Hi everyone! I hope you’re having a great weekend. On Friday I spent quality time with my mother, sister, and sister-in-law on our annual Girl’s Day Out. We started out with manicures, followed by lunch (prepared by moi)–chicken salad, croissant, and country apple cake with caramel sauce. Yes, it was as yummy as it sounds, if I do say so myself. After lunch we spent a couple of hours at a The Shirt Factory, a wonderful old brick building filled with shops (including one vintage–yay!), artisans, and an art gallery. We followed the factory up with some shopping at a couple of thrift stores and called it a day. I will share my finds with you later in the week. Why don’t we take a look at today’s quick project–a stenciled ironstone platter?
One can easily find home goods with the word “gather” and certainly many bloggers and crafters have developed projects incorporating the word. I’ve not invented anything new today, but the project is easy and the results so satisfying, I thought it worthy of a short post.
I bought this antique, English ironstone platter not too long ago for a dollar at a [fabulous] church sale. While it bears no chips or cracks, it does show signs of age–some serious browning and crazing. I neither wanted to use it or hang it on the wall in this condition, but it did seem worthy of a “rescue.” Right?
1. Chalk paint
3. Makeup sponges (Dollar Store)
4. Polyurethane (spray or liquid)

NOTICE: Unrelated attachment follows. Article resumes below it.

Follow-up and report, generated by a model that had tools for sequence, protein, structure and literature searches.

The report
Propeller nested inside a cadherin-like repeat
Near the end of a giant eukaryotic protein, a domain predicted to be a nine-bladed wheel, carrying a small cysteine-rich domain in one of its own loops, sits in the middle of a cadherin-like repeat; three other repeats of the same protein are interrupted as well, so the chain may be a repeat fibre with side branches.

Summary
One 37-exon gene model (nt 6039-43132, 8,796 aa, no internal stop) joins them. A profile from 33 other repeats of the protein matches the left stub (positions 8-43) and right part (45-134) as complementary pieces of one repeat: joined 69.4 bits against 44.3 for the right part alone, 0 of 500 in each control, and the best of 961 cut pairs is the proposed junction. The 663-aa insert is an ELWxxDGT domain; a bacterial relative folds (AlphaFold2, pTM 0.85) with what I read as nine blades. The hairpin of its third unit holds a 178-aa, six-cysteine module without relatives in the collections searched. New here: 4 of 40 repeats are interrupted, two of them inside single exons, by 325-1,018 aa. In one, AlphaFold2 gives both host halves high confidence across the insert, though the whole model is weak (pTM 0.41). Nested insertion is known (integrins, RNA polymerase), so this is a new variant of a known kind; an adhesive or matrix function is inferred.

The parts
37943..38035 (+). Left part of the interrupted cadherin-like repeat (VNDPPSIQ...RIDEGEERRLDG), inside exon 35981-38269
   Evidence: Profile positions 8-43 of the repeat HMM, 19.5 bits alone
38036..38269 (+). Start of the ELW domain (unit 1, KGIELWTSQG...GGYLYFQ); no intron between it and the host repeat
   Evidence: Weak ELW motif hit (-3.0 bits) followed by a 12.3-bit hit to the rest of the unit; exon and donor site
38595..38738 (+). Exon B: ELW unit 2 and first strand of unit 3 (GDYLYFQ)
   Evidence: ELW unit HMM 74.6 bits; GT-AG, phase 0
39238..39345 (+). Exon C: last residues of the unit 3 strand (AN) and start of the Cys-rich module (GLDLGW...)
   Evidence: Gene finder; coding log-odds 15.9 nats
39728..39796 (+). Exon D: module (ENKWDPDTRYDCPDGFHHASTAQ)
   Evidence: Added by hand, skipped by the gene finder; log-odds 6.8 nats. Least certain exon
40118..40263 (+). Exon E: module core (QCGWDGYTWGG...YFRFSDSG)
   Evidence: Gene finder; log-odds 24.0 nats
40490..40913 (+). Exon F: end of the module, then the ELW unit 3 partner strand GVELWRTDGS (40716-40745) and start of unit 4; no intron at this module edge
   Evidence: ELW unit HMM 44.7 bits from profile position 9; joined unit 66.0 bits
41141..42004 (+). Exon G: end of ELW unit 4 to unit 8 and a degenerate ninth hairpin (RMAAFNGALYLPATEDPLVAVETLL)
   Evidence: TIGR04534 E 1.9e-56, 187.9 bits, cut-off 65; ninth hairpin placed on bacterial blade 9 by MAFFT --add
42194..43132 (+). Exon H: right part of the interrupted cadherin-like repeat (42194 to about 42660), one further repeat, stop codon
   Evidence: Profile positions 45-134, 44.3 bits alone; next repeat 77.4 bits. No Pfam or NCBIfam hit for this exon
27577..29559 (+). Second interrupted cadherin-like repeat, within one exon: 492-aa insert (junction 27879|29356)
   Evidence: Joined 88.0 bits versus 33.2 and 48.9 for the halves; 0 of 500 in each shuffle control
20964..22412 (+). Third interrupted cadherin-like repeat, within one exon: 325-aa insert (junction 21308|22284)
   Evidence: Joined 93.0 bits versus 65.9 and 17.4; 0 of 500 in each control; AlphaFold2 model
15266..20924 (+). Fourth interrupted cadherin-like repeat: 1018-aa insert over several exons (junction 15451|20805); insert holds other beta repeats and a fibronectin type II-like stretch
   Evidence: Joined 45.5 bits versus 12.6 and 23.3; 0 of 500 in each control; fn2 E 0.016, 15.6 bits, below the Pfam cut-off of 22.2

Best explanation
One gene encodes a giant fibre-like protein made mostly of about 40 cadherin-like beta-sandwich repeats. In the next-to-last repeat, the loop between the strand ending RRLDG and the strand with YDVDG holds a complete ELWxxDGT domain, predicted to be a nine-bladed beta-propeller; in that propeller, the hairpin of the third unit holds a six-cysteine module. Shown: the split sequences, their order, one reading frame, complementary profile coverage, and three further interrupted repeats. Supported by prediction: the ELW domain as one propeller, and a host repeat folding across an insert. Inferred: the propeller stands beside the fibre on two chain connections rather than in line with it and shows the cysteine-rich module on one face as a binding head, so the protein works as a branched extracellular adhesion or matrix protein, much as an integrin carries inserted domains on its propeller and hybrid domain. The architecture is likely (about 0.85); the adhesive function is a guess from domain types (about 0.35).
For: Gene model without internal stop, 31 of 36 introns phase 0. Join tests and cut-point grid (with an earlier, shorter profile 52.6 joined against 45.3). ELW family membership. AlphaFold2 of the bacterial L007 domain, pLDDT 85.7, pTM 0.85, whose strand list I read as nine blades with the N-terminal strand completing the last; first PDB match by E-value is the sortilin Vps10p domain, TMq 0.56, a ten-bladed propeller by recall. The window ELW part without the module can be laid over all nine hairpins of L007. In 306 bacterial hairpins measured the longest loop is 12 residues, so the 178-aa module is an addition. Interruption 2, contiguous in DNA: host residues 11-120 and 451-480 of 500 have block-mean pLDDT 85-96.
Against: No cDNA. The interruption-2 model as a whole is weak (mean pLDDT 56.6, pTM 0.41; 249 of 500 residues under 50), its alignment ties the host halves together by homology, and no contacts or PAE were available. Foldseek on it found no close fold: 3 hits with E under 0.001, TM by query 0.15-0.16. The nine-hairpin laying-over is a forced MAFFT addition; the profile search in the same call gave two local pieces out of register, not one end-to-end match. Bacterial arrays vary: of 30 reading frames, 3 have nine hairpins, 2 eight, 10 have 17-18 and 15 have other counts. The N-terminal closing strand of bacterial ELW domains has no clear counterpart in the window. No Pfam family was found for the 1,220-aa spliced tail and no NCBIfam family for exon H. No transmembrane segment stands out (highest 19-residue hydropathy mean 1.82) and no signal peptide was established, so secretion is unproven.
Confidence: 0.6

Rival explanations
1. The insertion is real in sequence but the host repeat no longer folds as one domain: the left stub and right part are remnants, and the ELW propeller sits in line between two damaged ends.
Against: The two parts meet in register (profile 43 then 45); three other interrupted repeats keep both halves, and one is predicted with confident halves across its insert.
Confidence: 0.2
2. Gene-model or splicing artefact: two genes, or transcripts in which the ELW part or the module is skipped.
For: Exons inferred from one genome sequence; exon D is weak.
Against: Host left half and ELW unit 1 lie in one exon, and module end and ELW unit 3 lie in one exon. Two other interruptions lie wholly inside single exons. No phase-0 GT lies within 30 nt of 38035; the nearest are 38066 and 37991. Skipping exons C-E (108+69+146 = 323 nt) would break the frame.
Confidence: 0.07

1. Wipe down the surface you plan to stencil with water and soap, then dry it.
2. If using individual letter stencils, as I’m doing here, plan your layout. Find the center of your project and take it from there.
3. Tape down your stencils and/or hold them tightly in place with your fingers. You don’t want paint leaking up under the stencil.
4. Dab paint on the flat end of the makeup sponge and pounce the paint off until the surface is quite “dry.”
5. Pounce the paint onto your project. I often use acrylic paint for stenciling, but when stenciling glass or glazed pottery, chalk paint works better because it doesn’t seep under the stencil as easily as acrylic. [Note: Deco Art provided the paint for this project.]
In this case, I used italicized letter stencils that I had on hand. This process is always trickier than when using a word stencil, and this time, I had to remove the letter “h” because I stenciled it too high. I scraped it off with a widget/razor blade and then re-stenciled it in the proper location.
6. Once the paint dries, give the platter a couple of coats of clear acrylic spray paint to protect the surface from scratching.
If you’re looking for an easy piece of farmhouse wall art, then I think this is the project for you.
I enjoy it mixed in with my bread boards and lavender, but it would look equally as nice hanging on a gallery wall.
It makes a great fall project, just in time for the holidays, when we gather together to share a meal, see family and friends from out of town, and say prayers of thanksgiving for all the Lord has blessed us with. [Update: The platter sold at the Shaker craft fair 2016 for $25.00.]
Thanks so much for stopping by today–
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Bye for now,
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